I don't really like summer that much. Insects, humidity and tornado warnings aren't my idea of fun. I do love my watermelon, though--best part of summer. Winter has Thanksgiving, Christmas, my birthday--things to look forward too, and seeing family and friends. Playing in the snow with my daughters, drinking cocoa and snuggling in front of the fire with my honey-bunny--life is good. Rich stews and chilis are just made for warming you up after a chilly afternoon outdoors. And there is nothing better than getting into bed after a long day, and slipping into a warm cocoon of blankets. As the chill of the room leaves you, and you start feeling toasty warm, it is so easy to fall asleep.

Even clothes are better in winter. Fuzzy sweaters, comfy flannel pjs, fleecey robes and slippers--all things that reek of comfort. Clothing that is very forgiving of that extra 5 pounds that invariably creeps on after the holidays.

So, it is with a little sadness that I see the last of winter melt away each year. As much as I love my garden and seeing the baby bunnies in my yard, I always feel a little regret that my winter idyll is over....

at least for one more year.

Saturday, February 10, 2007

If I lived to be 100...

If I lived to be 100, would I rather have a sound mind or a fit body? Well, the women in my family live to be old--the hardy Scandinavian heritage showing. My grandmother died at the age of 87. Millie's final years were spent fighting senile dementia (she was never officially diagnosed with Alzheimers). She broke a hip a few years before her death, and resisted therapies and the doctor's suggestions. She had always been a very active woman--gardening, long walks with her dog, strawberry picking in the summer--and as her mind began to be fuzzy, her desire for activity lessened. I really think had her mind been sound, her prognosis toward the end would have been better. I the last six months of her life, Millies spine compressed and my father was forced to place her into a Medicare facility to provide her with appropriate care.

I want my mind to be sound at 100. I want to know the love of my family and be aware and involved with others. I don't want to forget the people that are important to me, and pick up a book and read for enjoyment. The tragedy of my grandmother lives in my mind. A feisty Irish/Norwegian woman, with a sense of humor, strong sense of family, a compulsive reader, was reduced to confusion in her final years. The last time I saw her, in December of 2002, she called me "Mona" the name of her youngest sister. She knew I was her granddaughter, but couldn't remember how. A moment of clarity bubbled through when I explained I was her son's daughter. She looked at me clearly and said, "ah, yes, from his first marriage."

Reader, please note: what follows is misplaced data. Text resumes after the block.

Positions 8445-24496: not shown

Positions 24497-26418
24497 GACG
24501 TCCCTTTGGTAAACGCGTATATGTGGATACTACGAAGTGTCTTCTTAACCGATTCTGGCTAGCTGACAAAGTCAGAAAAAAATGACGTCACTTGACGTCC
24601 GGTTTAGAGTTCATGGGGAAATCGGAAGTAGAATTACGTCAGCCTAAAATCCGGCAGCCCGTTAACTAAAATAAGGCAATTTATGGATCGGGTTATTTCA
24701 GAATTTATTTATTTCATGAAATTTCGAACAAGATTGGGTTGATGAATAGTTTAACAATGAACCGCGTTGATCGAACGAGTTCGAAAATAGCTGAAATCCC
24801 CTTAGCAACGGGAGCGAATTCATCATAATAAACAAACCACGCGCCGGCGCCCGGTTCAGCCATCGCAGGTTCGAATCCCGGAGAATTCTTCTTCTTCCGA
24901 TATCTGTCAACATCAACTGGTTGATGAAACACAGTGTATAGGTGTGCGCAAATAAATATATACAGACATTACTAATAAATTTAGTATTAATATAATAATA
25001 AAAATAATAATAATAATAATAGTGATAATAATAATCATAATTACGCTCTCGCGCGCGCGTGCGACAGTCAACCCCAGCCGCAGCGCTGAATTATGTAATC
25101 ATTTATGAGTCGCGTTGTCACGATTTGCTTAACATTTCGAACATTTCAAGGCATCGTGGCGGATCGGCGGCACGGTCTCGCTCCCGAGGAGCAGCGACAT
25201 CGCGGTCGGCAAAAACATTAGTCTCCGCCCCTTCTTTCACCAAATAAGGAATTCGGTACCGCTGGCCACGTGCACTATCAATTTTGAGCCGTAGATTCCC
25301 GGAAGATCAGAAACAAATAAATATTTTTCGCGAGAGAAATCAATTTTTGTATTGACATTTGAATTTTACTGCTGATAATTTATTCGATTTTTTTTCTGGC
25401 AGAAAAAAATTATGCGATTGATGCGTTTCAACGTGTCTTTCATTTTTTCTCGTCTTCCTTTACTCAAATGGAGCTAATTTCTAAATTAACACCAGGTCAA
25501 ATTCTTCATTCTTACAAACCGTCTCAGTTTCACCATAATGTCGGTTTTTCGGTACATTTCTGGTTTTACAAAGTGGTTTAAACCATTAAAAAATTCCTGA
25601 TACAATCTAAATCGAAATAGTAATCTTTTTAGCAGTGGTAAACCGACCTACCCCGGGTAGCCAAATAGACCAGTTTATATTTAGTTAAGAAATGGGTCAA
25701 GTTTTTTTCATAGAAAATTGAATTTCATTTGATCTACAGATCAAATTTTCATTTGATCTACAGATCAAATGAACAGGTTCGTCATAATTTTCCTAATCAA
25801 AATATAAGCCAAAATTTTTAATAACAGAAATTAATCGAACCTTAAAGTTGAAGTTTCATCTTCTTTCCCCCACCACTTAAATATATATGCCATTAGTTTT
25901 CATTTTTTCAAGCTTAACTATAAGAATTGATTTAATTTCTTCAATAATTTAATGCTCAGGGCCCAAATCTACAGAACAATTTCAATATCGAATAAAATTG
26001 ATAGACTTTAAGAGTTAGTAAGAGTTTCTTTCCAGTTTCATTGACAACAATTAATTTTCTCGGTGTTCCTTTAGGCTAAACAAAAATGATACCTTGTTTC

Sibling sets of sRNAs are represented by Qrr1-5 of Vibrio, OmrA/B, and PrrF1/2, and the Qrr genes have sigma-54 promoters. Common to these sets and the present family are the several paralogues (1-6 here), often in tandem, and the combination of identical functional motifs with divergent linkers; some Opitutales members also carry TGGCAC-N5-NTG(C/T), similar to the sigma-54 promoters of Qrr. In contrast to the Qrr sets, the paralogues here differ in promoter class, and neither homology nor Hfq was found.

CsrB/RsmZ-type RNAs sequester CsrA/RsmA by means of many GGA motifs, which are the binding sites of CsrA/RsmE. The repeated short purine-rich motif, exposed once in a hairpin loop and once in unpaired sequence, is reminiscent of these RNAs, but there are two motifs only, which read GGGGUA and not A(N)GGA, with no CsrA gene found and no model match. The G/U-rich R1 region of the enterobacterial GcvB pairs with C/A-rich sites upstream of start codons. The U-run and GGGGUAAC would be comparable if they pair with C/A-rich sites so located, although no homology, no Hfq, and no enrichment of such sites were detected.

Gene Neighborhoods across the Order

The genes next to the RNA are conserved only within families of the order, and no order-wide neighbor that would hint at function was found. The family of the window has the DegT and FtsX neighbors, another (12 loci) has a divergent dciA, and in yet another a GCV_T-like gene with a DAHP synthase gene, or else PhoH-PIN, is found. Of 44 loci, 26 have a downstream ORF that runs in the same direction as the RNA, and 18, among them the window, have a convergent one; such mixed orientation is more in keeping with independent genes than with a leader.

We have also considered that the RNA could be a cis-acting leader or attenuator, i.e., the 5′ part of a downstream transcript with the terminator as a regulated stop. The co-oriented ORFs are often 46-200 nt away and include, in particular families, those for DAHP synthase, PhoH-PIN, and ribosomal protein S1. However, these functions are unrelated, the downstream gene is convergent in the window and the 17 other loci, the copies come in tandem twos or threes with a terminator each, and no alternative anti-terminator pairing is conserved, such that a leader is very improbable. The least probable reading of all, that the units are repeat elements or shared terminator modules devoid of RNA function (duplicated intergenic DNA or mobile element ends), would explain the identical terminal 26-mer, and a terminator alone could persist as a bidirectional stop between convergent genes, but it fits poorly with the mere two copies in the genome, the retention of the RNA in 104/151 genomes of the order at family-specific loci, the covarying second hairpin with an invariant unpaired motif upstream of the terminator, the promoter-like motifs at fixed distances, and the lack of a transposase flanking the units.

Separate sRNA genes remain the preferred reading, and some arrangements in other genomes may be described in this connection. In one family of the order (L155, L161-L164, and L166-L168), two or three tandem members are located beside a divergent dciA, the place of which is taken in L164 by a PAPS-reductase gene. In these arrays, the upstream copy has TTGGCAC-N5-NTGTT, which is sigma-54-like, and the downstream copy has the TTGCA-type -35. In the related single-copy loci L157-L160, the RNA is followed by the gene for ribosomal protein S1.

And at that same visit, I had brought my daughter Sophia, age 9 months, to spend her first Christmas with her great-grandmother. My father told me that for months afterward, my grandmother talked about that beautiful baby. Some of my favorite pictures of my grandmother are from that visit, watching my grey haired grandmother and my tiny brown haired child touching hands and hearts.

Scrapping Thoughts

I have been thinking lately about why I scrap. This whole trade show every 3-4 months is getting old. Who has time to scrap with the ever-consuming desire to get "the latest and greatest" before everyone else. By the time we have all those precious items from the last CHA, the next trade show is here and we start again. ~~Sigh~~

I also notice that when I do sit down to scrap I reach for familiar old friends--Basic Grey Fusion or Vagabond, WRMK, Chatterbox, CatsEye Chalk inks, AC ribbon and Brads, and Chipboard. I have a ton of the first lines from Fancy Pants--ChiChi, FrouFrou, Dapper--and never reach for them. Too much like work to figure out a cool way to use them.

So, I have toned down my latest and greatest. I picked up some Primas, BG Fruitcake & Blush and Chatterbox Love Shack from the last show, and from this show will probably get the BG Pheobe. I am sticking with my tried and true loves for new products. My LOs use a lot of older product now, because I loved it when I bought it and they still look cool.

I scrapbook for me and my family. When my 3 and 4 year old daughters clamor to look at the scrapbooks I make, it is not to see the new CHA product artistically displayed on a Bohemian style page (with a giant bird, of course). It is to see pictures of their family and friends, pets and celebrations. It is a way for two little girls to see the grandfather they loved (and who died too soon) and remember his love for them. My book of me is a bit more upscale, but after I am gone I want my daughters to know who I was, not how well I displayed product without the memories to accompany it.

I think I am passionate about these memories being the focus because I lost my mom at age 52--her childhood and early life are lost to me because she never wrote any of this down. My grandmother died with Alzheimers--again, memories lost, because now I have questions about things that never seemed important at the time. I want my children to understand who I was and how I feel about events and people in our lives that are important to us.

That is what I am passionate about--leaving the next generation a legacy.